One of the more powerful players and those who have the ability to make the biggest difference according to Forman are judges. With 141 Duquesne University School of Law alumni servingas judges at some point in their careers, what does he say to them about impacting the lives of people? "First I would say we need to speak about the appointment of judges in the first place. We have elections coming up and I have heard no one talk about where they stand on judicial appointments in 2020."
Elliot Howsie, L'98, Chief Public Defender of Allegheny County, agrees. "Our judges have the best intentions. They try to identify what will keep people safe, while ensuring decreasing the likelihood of repeat behavior. But when we talk about outcomes, I don't think the approach secures the outcomes.There are collateral consequences of decisions."Those decisions become data points for future decisions and he feels, like Forman, that we aren't considering that enough.
Forman pointed out that judges set the ground rules under which so many actors operate, saying, "I mean examples abound of howtheirdecisions impact us every day. Decisions like Whren and the Fourth Amendmenthave an effect on African American drivers. Or theoretically speaking, what about having an underqualified public defender? Is that cruel and unusual punishment?" There are so many ways of thinking both legal and anecdotal that need to be considered.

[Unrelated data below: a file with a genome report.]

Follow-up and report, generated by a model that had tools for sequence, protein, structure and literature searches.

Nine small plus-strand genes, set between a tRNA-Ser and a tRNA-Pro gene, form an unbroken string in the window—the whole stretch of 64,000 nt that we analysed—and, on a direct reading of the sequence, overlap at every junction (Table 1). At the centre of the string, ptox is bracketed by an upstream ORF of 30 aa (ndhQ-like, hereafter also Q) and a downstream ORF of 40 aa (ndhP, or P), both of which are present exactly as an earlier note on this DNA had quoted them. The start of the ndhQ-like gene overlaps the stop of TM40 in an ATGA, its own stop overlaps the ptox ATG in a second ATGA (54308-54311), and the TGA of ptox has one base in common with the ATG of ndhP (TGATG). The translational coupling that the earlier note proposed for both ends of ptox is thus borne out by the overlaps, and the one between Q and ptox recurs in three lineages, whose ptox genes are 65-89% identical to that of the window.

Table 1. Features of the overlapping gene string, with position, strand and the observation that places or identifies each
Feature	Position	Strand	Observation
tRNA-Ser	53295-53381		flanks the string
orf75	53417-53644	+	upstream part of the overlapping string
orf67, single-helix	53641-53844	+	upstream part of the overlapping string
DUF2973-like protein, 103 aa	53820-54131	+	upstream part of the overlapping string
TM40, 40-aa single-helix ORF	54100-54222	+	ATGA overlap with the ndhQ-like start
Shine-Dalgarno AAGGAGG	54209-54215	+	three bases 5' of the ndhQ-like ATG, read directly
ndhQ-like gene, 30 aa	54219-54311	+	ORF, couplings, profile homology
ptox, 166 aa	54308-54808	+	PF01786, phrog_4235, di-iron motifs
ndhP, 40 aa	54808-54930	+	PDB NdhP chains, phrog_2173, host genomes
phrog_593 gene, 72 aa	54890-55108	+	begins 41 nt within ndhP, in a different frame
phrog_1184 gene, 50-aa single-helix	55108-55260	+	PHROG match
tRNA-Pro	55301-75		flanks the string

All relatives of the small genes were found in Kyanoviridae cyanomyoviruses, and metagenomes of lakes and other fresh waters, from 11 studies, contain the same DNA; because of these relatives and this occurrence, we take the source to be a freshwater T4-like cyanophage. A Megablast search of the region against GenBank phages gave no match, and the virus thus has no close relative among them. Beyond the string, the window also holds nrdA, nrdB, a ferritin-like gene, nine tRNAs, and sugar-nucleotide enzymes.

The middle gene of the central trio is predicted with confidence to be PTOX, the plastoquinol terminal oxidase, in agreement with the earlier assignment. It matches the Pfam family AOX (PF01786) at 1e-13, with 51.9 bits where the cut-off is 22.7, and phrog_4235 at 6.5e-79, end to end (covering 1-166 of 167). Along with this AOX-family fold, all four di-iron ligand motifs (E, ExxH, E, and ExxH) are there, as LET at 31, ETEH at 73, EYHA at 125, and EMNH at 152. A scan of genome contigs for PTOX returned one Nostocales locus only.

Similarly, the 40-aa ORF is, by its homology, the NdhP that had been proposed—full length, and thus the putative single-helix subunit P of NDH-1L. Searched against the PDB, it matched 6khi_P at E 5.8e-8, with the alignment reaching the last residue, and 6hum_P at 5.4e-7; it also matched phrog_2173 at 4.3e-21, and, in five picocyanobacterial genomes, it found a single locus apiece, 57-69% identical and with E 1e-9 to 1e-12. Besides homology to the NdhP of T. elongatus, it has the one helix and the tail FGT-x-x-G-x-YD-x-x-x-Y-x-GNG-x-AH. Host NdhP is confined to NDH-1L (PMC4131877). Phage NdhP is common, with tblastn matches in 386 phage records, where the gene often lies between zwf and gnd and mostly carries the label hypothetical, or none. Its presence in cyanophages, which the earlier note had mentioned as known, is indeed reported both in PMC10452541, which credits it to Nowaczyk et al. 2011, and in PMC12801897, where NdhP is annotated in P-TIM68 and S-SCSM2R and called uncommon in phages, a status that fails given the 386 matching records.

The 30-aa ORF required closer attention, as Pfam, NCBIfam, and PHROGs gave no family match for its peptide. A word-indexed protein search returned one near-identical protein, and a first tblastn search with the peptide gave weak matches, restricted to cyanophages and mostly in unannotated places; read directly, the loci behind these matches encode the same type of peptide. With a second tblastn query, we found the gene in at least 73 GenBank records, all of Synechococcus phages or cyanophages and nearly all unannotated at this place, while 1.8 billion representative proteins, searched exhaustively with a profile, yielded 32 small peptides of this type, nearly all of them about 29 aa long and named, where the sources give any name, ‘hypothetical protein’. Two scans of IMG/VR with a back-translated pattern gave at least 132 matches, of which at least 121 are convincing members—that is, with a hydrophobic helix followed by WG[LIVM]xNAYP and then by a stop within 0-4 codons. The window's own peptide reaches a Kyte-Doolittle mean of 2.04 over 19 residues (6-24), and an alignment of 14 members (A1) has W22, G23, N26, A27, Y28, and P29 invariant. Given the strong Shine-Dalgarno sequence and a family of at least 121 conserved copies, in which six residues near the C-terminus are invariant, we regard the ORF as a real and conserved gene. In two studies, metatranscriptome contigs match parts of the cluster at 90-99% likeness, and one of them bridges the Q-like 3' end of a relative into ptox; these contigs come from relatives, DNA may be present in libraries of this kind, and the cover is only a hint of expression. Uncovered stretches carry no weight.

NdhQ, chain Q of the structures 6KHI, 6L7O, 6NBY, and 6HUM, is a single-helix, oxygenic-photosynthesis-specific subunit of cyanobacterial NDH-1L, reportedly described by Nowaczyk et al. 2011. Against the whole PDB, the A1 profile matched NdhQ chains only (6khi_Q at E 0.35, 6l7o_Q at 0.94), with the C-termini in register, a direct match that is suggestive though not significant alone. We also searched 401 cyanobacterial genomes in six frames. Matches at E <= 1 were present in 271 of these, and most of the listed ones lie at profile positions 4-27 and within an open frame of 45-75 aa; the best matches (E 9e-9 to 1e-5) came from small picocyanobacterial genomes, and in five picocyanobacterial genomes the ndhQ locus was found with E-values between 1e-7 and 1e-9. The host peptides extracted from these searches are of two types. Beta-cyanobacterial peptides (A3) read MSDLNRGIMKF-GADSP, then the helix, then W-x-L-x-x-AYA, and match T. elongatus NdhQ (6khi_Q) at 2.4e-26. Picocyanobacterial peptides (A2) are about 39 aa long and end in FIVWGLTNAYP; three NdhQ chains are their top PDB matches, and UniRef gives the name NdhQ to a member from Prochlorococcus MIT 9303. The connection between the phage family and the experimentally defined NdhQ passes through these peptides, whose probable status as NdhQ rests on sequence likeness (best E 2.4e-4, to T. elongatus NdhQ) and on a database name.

Forman notes that State court judges have the ability to use their discretion where there are more limits and restrictions on how police behave. When it comes to mandatory minimums, is there a state that does it right? "No," he says. "Doing it right means not having them. A judge needs to look at the charge and we have overwhelming evidence that mandatory minimums exacerbate racial disparities. People who are in the system have gotten used to doing things a certain way. Think about it if you are a prosecutor and have been requesting mandatory sentences for 20 years. Now someone says it's ineffective and has proven racial disparities. This means for 20 years you'vebeen doing things wrong.